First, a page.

Friday, November 30, 2012

Where does the time go?

Today is the last day of NaNoWriMo and I'm sure many of you are asking yourself "where did the month go?". I swear Halloween was just last week.

With so many obligations that fill our days it's easy to lose track of time and realize we aren't as far along with projects as we'd like to be. Between work, school, families, household chores, community obligations, church, and heaven forbid any other hobbies, writing can sometimes become the task that gets pushed to the side or saved for another day.

Back in my days of working the corporate 9-5 (ha!) I took a time management class that was actually really helpful to me. One of the things we were challenged to do as homework was a time chart. Basically, we wrote down every activity we did on a given day along with the start and end time.

For example, the start of your day might look like this:

6:00-6:30 Get ready for work
6:30-6:45 Breakfast
6:45-7:15 Drive to work
7:15-8:00 Check and respond to email
8:00 - 8:05 Get more coffee
and so on...

The idea was to help us realize exactly where the hours went every day. It was eye opening. When I did this for work, I realized I was spending a lot of time during the day on little tasks that I should have asked our admin assistant to do. In my mind, they were no big deal and not worth bothering her with. However, on paper I realized I was spending around an hour every day scheduling meetings or shipping packages, none of which had anything to do with the marketing plans I was supposed to be working on.

Another aspect of the chart was to make a check mark next to the item every time we were interrupted during the task. Another big eye opening here. Interruptions, even small questions I could answer without thinking, adding lots of time to whatever I was working on. On average, every interruption cost an additional 5 minutes to get back into whatever task I had been working on. Five minutes might not sound like a lot until you think about the number of times every day someone interrupts you.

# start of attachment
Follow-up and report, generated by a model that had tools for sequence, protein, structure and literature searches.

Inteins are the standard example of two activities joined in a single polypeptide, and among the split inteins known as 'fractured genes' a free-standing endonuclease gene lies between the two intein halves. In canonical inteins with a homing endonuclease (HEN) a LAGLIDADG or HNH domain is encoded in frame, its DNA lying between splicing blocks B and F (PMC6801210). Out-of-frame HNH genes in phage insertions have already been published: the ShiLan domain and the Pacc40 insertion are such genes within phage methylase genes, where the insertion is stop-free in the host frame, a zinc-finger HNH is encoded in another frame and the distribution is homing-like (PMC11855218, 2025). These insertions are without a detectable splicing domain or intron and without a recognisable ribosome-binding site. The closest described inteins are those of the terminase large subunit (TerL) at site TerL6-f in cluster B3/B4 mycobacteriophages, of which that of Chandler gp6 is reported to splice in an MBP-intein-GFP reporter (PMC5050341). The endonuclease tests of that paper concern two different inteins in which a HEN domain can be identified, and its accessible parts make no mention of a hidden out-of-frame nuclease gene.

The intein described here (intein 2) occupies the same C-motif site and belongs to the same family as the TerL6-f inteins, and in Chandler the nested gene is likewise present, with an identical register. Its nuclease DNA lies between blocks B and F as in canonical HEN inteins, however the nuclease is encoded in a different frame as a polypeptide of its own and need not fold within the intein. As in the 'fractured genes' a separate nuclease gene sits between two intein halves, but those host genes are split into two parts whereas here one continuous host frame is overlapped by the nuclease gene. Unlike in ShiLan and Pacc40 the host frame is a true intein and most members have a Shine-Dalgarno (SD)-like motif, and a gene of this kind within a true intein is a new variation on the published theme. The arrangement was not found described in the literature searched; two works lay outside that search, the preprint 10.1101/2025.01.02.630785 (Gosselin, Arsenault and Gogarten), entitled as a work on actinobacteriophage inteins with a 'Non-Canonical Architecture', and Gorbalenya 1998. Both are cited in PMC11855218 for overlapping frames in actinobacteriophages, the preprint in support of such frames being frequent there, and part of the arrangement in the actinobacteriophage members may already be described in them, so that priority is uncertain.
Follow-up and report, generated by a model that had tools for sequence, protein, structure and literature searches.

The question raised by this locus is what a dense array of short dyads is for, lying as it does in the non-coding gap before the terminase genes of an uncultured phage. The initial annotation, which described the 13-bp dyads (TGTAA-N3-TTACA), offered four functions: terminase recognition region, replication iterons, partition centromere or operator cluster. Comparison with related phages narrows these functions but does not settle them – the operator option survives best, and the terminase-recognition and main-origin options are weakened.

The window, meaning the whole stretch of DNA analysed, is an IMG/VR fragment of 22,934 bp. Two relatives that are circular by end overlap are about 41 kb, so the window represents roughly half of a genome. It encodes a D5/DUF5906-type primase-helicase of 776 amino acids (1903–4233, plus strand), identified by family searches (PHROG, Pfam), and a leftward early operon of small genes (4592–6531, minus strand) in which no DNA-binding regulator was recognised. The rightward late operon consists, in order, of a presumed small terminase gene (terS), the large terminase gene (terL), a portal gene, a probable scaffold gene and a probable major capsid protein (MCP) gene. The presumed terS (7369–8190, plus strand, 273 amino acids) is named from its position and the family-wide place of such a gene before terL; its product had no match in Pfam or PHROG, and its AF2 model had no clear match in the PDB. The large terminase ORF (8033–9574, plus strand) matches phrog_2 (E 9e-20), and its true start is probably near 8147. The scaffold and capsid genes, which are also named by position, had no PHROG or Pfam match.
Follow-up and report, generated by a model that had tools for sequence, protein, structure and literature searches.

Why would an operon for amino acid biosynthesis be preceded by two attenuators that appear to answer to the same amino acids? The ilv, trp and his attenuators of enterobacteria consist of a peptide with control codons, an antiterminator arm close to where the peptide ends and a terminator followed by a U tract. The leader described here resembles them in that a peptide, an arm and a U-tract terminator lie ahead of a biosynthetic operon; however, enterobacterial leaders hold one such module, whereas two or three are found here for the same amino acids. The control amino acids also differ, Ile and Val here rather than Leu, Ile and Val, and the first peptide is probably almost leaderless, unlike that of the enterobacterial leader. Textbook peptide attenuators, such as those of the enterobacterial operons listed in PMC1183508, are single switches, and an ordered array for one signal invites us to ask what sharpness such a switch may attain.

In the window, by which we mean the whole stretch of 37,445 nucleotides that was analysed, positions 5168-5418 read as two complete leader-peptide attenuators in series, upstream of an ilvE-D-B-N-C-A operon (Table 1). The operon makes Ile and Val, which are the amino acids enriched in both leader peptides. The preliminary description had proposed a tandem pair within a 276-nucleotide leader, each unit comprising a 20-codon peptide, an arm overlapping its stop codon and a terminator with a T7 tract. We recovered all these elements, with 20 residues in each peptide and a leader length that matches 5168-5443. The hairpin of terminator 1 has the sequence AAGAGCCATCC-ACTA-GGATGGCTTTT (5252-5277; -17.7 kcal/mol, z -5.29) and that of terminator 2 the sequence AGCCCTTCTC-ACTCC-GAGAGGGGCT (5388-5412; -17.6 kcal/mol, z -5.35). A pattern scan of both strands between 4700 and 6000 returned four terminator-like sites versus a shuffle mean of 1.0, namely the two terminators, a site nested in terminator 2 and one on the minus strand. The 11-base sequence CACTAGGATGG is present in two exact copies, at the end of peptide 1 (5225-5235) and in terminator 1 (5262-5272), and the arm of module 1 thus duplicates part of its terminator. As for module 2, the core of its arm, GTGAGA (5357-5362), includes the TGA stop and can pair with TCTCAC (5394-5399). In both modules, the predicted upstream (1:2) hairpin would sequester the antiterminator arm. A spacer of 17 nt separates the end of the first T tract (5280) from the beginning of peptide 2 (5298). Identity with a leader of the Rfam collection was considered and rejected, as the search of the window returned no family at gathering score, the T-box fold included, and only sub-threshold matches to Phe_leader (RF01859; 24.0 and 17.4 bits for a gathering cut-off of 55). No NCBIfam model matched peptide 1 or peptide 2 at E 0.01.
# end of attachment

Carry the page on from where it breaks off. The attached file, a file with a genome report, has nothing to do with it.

So how does this apply to writing? I don't know about you, but I'd love to find more time in my day for writing. I would suggest everyone complete a time chart like this. Charting a week would be best, but even a single day should show you ways that you could improve your productivity.

I would also suggest setting aside designated writing time that is interruption free. I know first hand that this can be difficult, especially with little ones. But you'll be surprised how much more you can get done in 30 minutes of dedicated writing time than in 2 hours of time that is shared with answering the phone, switching the laundry, changing a diaper or any of the other "quick tasks" we try to get done with writing.

In the end, we all want to be more productive. Until we each have a personal Tardis, we're stuck with 24 hours a day. Knowing how each of those hours is spent is only going to help you in getting the most out of them.

If you do a time chart, I'd love to hear about it. Share what you learned in the comments below.

1 comment:

  1. This is a great idea! I've started keeping track of my computer time - how much time I'm really working or writing, and how much I'm spending reading blogs and going on Facebook, etc. - it's been very informative, and you're so right that all those little distractions add up and suddenly your day is over and you have almost nothing to show for it. I'll have to try this for a week sometime and see how it goes; I'm sure it will be helpful, if a little depressing. Thanks for the post!

    ReplyDelete

Share the love, man...